## Wednesday, February 2, 2011

### A method to create balanced groups

I like for my students to work together in groups. Unfortunately, they always choose to sit with their friends. So I have to assign their groups.

Let's say on the first day of class, I give them a 20 point quiz to see how much of last year's math they remember. I can also use that information to create balanced groups; I don't want to put all the weak students in one group and all the strong students in another. Rather, I would like each group to include weak students, strong students, and average students.

One way to look at this problem is that I want each group's average to be close to the class average. One could design an algorithm to create the groups this way. But I realized as I was designing it that one has to make ad hoc rules that throw out (a) groups composed of entirely average students and (b) groups composed evenly of strong and weak students but no average ones. I wanted a more elegant algorithm.

The other way to look at the problem is that I want each group to be as diverse as possible. If one maximizes each group's standard deviation, then (a) groups are ruled out. It is true that (b) groups would have the largest standard deviation possible -- but the magic here is that standard deviation is non-linear. Let's say that you have starting forming two groups -- group 1 {S, W, W} and group 2 {S, A, A} -- you have two more students to assign {S, A}. It is true that assigning the strong student to group 1 {S, S, W, W} makes its standard deviation bigger than assigning to it the average student {S, A, W, W}. In other words, std. dev. 1s > std. dev. 1a. But the key is that it makes a much bigger difference to group 2: std. dev. 2s is much, much bigger than std. dev. 2a.

Algebraically, (std. dev. 1s - std. dev. 1a) < (std. dev. 2s - std. dev. 2a). Equivalently, (std. dev. 1s + std. dev. 2a) < (std. dev. 2s + std. dev. 1a). Without algebra, the point is that (b) groups would never happen if you try to maximize the standard deviation of each group -- overall, you're always better to maximize the standard deviation of the least diverse group first. With this fact in mind, this becomes a simple maximization problem. This is an extremely powerful idea: to create the most balanced groupings, you make each group as diverse as possible. Below is an example. A fictional class of six will be divided into two groups.

As you can see, each colored line represents a possible set of groupings. The worst groupings are highlighted in red, the mediocre groupings are highlighted in yellow, and the good groupings are highlighted in green. The first cell under a group is its standard deviation, and the second cell is the group's average. I ranked the groupings by creating a geometric average (a b) ^ 0.5 of the two groups' standard deviations. I do generally agree with the rankings. In the red groupings, the groups are skewed: all strong students in one, all weak students in the other. As a result, both groups have low standard deviations. In the yellow groupings, one group is skewed, and the other group includes too many average students. As a result, one group has a high standard deviation, while the other has a low standard deviation. In the green groupings, both groups are balanced, so both have decent standard deviations.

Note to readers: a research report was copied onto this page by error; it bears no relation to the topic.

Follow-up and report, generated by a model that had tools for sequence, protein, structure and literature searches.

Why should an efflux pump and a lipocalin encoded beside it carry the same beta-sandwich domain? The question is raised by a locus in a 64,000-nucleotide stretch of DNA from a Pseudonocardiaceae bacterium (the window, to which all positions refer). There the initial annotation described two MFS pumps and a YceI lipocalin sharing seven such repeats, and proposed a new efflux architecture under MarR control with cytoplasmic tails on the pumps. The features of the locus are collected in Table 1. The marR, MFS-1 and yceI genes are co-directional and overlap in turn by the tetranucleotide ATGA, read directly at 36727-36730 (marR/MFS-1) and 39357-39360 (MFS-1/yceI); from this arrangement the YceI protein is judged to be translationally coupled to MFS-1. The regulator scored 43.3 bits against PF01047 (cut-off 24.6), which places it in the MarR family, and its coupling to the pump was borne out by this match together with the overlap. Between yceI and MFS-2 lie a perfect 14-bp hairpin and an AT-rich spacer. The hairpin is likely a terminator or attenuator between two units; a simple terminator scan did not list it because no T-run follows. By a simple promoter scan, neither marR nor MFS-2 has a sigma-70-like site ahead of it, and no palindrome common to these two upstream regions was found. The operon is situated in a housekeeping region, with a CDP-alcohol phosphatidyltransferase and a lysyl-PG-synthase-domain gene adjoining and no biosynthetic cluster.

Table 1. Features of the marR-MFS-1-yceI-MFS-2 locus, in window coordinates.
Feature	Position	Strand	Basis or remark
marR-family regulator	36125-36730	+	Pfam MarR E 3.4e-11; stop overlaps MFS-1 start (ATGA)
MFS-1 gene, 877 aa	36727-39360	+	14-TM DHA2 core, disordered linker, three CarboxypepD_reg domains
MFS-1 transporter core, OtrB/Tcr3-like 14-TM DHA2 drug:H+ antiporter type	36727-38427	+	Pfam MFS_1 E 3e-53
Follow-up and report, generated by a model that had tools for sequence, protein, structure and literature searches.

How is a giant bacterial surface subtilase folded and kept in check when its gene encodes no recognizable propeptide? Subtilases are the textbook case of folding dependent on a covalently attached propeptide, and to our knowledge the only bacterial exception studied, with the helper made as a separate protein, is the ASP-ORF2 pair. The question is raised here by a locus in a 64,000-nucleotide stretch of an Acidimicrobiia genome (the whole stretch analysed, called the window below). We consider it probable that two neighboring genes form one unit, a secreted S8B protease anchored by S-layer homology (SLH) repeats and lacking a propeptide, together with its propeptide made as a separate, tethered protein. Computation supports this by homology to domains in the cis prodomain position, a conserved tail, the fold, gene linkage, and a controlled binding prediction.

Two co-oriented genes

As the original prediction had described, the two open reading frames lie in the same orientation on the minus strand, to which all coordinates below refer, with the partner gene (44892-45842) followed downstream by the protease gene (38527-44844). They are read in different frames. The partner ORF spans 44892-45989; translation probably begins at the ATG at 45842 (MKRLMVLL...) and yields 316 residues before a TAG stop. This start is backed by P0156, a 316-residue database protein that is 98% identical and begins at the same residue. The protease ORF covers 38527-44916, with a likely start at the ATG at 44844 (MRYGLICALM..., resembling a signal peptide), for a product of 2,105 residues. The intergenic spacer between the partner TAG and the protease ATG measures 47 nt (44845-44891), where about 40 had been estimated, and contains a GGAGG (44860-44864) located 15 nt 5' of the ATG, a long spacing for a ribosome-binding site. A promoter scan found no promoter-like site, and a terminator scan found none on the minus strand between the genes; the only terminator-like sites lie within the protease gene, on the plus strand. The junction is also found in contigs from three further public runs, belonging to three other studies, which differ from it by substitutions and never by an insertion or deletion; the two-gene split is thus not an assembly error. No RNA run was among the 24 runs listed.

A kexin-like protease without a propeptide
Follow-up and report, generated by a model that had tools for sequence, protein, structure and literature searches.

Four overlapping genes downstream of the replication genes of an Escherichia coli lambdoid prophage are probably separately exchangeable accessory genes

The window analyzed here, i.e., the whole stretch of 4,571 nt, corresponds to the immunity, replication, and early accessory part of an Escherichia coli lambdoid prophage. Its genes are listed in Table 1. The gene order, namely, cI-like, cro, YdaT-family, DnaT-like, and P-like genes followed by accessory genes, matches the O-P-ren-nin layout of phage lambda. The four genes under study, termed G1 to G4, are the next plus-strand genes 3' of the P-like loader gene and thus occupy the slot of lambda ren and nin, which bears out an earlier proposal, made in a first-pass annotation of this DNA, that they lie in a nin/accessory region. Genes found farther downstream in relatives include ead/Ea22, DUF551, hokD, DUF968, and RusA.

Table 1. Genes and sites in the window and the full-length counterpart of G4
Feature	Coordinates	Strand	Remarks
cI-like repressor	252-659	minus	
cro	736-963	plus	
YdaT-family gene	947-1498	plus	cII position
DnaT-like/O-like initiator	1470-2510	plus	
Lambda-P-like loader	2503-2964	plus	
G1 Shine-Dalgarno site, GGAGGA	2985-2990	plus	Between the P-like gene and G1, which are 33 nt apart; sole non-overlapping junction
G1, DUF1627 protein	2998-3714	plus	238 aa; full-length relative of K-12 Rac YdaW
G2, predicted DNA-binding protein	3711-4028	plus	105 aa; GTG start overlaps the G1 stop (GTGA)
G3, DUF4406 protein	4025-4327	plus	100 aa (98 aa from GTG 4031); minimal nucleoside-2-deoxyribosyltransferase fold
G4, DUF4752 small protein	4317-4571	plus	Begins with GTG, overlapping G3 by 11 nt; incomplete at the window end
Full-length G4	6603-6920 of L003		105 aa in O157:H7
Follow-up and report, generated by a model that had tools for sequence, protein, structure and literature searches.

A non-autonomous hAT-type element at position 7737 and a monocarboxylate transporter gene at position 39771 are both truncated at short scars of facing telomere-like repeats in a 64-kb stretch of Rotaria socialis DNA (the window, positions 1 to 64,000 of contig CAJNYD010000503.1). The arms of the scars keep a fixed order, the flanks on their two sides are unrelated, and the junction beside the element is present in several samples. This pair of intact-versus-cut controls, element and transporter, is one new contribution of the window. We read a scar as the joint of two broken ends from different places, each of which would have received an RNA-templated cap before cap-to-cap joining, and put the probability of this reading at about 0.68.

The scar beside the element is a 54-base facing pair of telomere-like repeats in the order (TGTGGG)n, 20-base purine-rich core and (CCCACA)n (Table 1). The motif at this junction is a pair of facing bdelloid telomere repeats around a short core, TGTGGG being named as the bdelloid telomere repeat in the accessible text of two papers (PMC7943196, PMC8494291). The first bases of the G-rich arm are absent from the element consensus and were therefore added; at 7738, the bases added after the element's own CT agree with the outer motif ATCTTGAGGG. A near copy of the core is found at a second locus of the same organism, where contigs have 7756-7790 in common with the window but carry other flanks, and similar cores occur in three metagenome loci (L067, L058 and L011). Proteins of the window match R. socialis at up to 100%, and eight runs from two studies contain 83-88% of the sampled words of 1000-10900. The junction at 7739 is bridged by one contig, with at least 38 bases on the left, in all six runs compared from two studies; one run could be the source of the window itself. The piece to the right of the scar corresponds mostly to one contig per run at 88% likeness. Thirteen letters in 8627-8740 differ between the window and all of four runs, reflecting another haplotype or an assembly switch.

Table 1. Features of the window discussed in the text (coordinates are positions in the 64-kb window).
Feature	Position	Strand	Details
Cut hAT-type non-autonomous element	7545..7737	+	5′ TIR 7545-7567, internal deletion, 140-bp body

As you'll notice, even for the best groupings, the average standard deviation of the groups doesn't exceed the standard deviation of the entire class. That's as it should be, but I'll leave that proof to an industrious reader.

Another, more realistic (though still fictional) example follows: dividing a 16-student class into four groups. There are too many possible groupings to list (more than 2.6 million), so I used an algorithm to pick a reasonably good solution. (I started by putting the four students in the very middle in different groups, then given that initial condition, the algorithm then assigned the remaining students in a way that attempted to maximize each group's standard deviation.) You can see the results below:

I lettered the students from A to P, strongest to weakest, and indicated a percentage grade for each. The four middle students were G, H, I, and J. You can see that the algorithm was able to do a decent job of maximizing each group's standard deviation (its explicit task); some came out slightly ahead, but they're all relatively large. But you can see how well the algorithm did creating balanced groups: 82.2, 82.4, 84, and 84.2. Remember, this result is an accidental byproduct of trying to create a solution that maximizes each group's standard deviation.

Why do I care so much about this? For one, I really do like having an algorithm that creates evenly balanced groups in my class. But two, I want to build this algorithm into a tabulation program -- for partial round robins. In a partial round robin, each team should hit a representative cross-section of the pool. Consider a 12-team round robin with 6 preliminary rounds. It's too tight to run a regular tournament and respect win-loss brackets. But if you can rank the teams before they arrive, then using my algorithm, each team could debate six opponents that are strong, mediocre, and weak.

#### 1 comment:

1. There is a program that does that, no need to build it. I hope it will help: https://www.groupsmaker.com